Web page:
Kern County's largest locally based financial institution is poised to launch a major geographical expansion and rebranding effort it sees as securing its long-term survival while also benefiting its existing membership.
Kern Schools Federal Credit Union, soon to become Valley Strong Credit Union, says it will open branches this summer in Tulare and Visalia — its first two offices outside the county in its 82-year history. It expects to establish branches in as many as nine additional counties during the next 10 to 15 years.
The move follows years of careful planning and a recent vote in which KSFCU members approved, by a 3-to-1 margin, switching from a federal to a state charter. The new charter set to take effect in mid-February offers far greater flexibility regarding where the credit union enrolls new members.
Observers say Bakersfield-based Kern Schools will likely endure some small, initial financial losses as it moves gradually northward through the Central Valley. Also, the credit union's accompanying return to business banking is seen as introducing new risk along with potential reward.
But there is broad agreement that the credit union's prospects for growth — and ability to compete against larger banks, credit unions and financial-technology companies — are limited if it cannot expand outside the county.
Kern Schools Chairman Larry Reider likened the credit union's expansion to asking for "a little (more) playing field."
"We need to grow to be competitive and stay financially strong," he said.
Added Senior Vice President Michael George, "The only way we wouldn't have a bright future is if we just sat idle and didn't do anything."
The credit union's executive leadership emphasized that growth will help Kern Schools' existing members by bringing greater financial resources to bear on sustaining or enhancing its slate of products and services.
President and CEO Steve Renock said the credit union's existing fleet of more than 70 ATMs will be replaced. A number of fees will be reduced or eliminated, he and George said, and the hours of Kern Schools' call center will be extended to 12 hours seven days per week, up from 12 hours on weekdays and five on Saturdays.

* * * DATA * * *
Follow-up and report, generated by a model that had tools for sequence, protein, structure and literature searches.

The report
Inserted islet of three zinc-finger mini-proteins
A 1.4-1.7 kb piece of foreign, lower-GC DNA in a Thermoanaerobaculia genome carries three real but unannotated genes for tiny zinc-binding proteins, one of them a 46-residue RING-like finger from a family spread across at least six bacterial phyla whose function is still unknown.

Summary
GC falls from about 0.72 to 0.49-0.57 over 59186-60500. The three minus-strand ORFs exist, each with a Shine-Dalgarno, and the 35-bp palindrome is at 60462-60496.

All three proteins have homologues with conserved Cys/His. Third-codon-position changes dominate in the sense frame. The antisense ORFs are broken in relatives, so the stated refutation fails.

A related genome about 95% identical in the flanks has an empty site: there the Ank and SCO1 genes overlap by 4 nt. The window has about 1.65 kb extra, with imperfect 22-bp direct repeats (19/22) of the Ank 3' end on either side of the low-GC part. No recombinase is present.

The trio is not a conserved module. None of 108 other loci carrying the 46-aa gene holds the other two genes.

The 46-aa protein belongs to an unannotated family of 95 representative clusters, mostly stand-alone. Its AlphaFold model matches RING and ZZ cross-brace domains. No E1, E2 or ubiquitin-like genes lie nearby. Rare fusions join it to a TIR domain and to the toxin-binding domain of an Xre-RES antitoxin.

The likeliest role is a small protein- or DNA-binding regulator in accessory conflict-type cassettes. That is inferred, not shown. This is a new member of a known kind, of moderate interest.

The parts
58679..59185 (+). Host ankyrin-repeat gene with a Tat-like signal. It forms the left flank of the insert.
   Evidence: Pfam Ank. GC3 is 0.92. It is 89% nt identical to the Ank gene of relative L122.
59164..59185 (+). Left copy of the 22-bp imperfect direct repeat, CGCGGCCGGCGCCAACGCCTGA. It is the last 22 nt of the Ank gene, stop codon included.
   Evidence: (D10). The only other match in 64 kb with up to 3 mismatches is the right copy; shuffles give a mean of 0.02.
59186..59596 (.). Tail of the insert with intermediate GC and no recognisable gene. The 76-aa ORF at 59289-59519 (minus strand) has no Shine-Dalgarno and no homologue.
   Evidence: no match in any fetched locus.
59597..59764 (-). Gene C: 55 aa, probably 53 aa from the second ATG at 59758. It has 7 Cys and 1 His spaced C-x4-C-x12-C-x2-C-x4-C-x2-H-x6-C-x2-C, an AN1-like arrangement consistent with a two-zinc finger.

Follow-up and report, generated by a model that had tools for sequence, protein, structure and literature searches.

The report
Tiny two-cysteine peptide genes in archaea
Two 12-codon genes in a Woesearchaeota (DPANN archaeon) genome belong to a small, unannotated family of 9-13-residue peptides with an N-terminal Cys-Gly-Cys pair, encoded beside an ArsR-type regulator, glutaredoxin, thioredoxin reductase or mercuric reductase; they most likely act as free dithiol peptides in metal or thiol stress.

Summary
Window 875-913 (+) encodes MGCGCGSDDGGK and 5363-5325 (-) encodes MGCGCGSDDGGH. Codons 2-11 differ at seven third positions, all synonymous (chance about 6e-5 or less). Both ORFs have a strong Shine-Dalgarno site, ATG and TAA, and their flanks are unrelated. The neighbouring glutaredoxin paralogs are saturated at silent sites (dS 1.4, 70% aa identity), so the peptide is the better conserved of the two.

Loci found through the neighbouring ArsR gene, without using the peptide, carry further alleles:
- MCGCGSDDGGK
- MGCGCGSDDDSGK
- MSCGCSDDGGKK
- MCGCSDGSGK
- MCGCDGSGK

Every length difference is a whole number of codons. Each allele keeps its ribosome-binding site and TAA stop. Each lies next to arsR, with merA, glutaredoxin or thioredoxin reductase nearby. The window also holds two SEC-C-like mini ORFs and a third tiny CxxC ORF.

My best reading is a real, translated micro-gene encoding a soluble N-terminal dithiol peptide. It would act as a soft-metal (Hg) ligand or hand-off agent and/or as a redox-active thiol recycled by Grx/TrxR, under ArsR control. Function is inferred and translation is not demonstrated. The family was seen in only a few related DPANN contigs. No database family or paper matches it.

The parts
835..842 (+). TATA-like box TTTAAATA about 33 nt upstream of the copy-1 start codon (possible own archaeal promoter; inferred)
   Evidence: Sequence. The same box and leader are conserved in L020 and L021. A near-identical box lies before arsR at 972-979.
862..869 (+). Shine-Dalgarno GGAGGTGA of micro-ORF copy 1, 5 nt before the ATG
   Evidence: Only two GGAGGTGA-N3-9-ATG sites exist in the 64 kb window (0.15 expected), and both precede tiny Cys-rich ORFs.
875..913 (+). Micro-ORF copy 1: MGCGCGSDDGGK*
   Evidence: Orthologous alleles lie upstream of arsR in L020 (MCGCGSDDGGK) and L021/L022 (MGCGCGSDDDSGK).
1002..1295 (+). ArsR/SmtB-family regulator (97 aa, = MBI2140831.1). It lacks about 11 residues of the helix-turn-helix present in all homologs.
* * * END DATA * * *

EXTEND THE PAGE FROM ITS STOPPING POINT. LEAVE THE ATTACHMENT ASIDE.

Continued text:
They noted also that member deposits will still be federally insured and changes won't be made to account numbers.
Renock said the credit union intends to reach $3 billion in assets by 2025 — an ambitious goal implying growth of an average of about 13 percent in each of the next five years. Some of that might be achieved, he said, by acquiring smaller credit unions, which can be easier than pioneering a new market.
He added, however, that "we're not looking to take over the world" and that the bigger accomplishment will be persevering in an industry that has shrunk drastically in the last four decades, going from 17,000 credit unions nationwide to less than 5,500 now.
Others in California's credit union industry view Kern Schools' expansion plans, as well as its upcoming name change, as a necessary adjustment.
EXPANDING BY NECESSITY
Young people across the Central Valley are migrating outside the area, which forces the area's financial institutions to expand operations in ways that allow them to capture a greater geographical base, said Diana Dykstra, a former credit union executive now serving as president and CEO of the California Credit Union League.
Most California credit unions operate in multiple counties under a state charter, Dykstra said. She asserted that Kern Schools' expansion campaign "is not unusual and, in fact, it's necessary."
Failing to expand could jeopardize the costly products and services — things like mobile banking and paying bills from home — that Kern Schools' members have come to expect, said Doug Kileen, president and CEO of Bakersfield-based Safe 1 Credit Union.
It won't be easy, though. There's no guarantee new branches will pull their weight financially during their first few years in operation, he said.
"In the short term, there will be challenges financially to have profitable offices. But in the long term, in the long run, I think it's something that really is necessary to survive for Kern Schools," said Kileen, who used to work at KSFCU.